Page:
Just.Equal welcomes election result: opportunity to move forward


election result Just.Equal Australia

Just.Equal Australia today welcomed yesterday’s election result saying Australia enjoys a unique opportunity to move forward on LGBTIQA+ human rights.

The group says the defeat of a Liberal Party that devised the discriminatory Religious Discrimination Bill, the thumping defeat of anti-transgender candidate, Katherine Deves, as well as the victory of Green, teal and independent candidates with strong commitments to LGBTIQA+ equality, all show Australia wants an end to LGBTIQA+ discrimination.

Earlier today, spokesperson Sally Golder described the true winners as equality, inclusion and acceptance for LGBTIQA+ Australians.

“Like many Australians, we are relieved the discriminatory Religious Discrimination Bill is now off the table.

“We welcome the election of teal, Green, independent, Liberal and Labor candidates who opposed this Bill and who support greater equality and inclusion for LGBTIQA+ people.

“We also welcome the failed election bids of anti-trans candidate, Katherine Deves, and perpetual opponent of LGBTIQA+ equality, Eric Abetz.”

However, Sally Golder also noted the organisation’s disappointment at the defeat of moderate allies within the Liberal Party.

“Post-election the Liberal Party will need to demonstrate that it values our community.”

Labor’s sometimes ambiguous LGBTIQA+ policies

Just.Equal spokesperson Rodney Croome said Labor went to the election with modest and sometimes ambiguous LGBTIQA+ policies.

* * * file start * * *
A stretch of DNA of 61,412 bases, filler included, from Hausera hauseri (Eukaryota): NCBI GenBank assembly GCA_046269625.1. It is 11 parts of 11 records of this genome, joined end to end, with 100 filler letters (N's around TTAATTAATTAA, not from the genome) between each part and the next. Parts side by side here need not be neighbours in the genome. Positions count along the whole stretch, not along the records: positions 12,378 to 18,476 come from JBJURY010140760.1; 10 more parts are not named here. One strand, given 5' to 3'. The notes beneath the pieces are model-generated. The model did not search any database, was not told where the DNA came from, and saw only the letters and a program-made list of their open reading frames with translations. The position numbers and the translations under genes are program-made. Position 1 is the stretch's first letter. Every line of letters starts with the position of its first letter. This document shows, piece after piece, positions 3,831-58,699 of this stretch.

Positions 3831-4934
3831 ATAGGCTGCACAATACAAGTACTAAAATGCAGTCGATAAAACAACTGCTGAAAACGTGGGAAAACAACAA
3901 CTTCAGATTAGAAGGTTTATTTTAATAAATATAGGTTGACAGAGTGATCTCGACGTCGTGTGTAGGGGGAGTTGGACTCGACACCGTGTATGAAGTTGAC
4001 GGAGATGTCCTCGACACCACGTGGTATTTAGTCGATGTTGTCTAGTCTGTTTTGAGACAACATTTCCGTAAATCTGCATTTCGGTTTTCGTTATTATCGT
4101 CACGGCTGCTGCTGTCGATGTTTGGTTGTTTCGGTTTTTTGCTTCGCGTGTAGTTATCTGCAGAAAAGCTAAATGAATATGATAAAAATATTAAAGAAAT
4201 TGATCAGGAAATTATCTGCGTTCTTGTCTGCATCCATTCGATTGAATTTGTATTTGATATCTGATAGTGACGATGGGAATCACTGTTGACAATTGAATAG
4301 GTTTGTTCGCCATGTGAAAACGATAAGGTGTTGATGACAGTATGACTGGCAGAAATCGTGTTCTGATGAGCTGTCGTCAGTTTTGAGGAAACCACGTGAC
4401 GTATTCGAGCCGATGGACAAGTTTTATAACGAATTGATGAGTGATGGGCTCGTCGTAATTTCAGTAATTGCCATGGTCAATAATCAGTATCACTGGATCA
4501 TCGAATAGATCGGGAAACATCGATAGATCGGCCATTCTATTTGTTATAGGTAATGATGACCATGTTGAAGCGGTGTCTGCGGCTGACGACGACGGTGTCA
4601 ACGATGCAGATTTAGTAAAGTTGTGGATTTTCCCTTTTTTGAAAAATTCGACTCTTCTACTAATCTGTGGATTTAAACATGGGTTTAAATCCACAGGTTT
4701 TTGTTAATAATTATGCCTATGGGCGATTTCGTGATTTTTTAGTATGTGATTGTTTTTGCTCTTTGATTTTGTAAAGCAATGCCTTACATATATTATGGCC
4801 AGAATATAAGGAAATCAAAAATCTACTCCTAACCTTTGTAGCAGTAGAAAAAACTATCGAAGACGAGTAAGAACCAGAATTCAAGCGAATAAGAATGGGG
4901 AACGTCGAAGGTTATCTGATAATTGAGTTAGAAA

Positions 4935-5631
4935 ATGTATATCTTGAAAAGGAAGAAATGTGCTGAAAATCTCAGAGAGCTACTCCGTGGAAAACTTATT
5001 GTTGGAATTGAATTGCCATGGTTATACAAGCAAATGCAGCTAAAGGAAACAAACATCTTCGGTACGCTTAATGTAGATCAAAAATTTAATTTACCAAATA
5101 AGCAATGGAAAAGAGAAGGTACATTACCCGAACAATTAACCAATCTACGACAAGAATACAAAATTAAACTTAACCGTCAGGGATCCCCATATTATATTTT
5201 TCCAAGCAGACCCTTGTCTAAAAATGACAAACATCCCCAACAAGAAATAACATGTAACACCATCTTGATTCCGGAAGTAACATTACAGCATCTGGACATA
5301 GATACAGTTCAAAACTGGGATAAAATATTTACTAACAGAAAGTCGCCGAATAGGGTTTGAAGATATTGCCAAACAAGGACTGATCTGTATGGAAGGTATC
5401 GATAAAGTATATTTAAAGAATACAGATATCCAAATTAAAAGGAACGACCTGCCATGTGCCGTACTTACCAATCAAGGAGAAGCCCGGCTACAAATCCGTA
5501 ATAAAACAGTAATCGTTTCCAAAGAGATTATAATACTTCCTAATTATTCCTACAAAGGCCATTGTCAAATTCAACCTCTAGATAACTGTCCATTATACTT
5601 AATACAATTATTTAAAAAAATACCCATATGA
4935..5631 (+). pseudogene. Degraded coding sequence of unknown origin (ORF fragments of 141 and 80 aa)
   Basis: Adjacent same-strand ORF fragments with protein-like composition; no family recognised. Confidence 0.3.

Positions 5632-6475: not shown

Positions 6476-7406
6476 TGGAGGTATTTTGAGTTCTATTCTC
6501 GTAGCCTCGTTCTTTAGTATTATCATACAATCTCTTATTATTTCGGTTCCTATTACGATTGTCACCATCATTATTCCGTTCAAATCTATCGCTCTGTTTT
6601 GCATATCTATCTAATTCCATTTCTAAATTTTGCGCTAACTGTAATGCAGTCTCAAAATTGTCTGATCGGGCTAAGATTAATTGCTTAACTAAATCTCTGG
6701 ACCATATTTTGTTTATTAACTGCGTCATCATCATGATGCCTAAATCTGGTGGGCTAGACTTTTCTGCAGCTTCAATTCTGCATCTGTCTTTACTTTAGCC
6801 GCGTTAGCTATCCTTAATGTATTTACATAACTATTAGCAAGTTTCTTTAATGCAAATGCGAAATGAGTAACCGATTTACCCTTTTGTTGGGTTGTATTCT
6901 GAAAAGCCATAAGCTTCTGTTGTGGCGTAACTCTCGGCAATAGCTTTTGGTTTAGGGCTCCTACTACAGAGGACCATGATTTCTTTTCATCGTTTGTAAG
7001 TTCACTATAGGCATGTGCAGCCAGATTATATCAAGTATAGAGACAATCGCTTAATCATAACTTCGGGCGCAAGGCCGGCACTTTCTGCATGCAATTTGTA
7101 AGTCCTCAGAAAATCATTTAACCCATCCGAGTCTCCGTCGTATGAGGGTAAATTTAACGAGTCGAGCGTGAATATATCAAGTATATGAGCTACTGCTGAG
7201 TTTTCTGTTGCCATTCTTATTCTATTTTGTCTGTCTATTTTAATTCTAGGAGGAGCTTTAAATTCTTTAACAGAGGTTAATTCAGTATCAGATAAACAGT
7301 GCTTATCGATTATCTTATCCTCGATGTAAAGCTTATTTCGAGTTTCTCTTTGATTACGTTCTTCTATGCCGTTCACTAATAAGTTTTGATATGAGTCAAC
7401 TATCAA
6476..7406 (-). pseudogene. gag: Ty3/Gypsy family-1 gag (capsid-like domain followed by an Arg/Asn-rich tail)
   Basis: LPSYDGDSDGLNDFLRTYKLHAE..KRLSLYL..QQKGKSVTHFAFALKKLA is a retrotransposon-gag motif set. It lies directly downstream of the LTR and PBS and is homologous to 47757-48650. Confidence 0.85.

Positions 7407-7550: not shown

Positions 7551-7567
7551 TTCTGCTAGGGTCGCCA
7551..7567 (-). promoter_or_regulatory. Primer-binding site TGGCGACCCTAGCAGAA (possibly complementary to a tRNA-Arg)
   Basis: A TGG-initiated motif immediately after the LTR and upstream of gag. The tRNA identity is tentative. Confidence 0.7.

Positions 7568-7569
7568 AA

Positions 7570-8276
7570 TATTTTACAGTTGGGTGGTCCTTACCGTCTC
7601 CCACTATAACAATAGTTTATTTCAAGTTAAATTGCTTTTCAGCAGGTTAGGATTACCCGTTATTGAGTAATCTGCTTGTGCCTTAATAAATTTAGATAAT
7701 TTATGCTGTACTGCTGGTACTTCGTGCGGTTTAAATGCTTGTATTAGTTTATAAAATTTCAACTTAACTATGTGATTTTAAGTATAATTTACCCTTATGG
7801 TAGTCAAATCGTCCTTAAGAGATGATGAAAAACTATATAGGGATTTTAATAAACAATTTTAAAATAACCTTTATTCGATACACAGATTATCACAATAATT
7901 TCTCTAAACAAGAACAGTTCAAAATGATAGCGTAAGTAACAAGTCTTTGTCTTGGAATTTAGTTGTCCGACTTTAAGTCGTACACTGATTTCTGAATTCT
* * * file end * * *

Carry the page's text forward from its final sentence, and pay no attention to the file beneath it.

“We look forward to Labor protecting LGBTIQA+ students from discrimination by faith-based schools, but it did not offer the same protections for teachers, which is something we will campaign for.

“We will also be pressing Labor to protect young people with variations of sex characteristics from unnecessary, non-consenting medical interventions, to provide more resources to improve the health and wellbeing of LGBTIQA+ people, to ensure Medicare covers the costs of gender affirmation, and to remove the current gay, bisexual and transgender blood bans.

“These and other priorities were identified in our LGBTIQA+ election survey which we will now use as our blueprint for LGBTIQA+ reform under an Albanese Government.”

The Just.Equal survey found the most pressing issues include:

  • removing exemptions allowing faith-based organisations to discriminate against LGBTIQA+ staff, students and clients
  • improving LGBTIQA+ school safety and inclusion
  • establishing LGBTIQA+ policy groups in relevant government agencies
  • a national LGBTIQA+mental health strategy
  • LGBTIQA+ inclusion in the Census
  • removal of the gay, bi and trans blood ban

Rodney Croome also expressed disappointment at the lack of federal progress on LGBTIQA+ equality apart from marriage equality over the past decade.

“We now have a unique opportunity to change that and move forward.”

Check out the LGBTIQA+ policies of two successful teal candidates here.

And the response of the Greens to Just.Equal Australia’s election survey.

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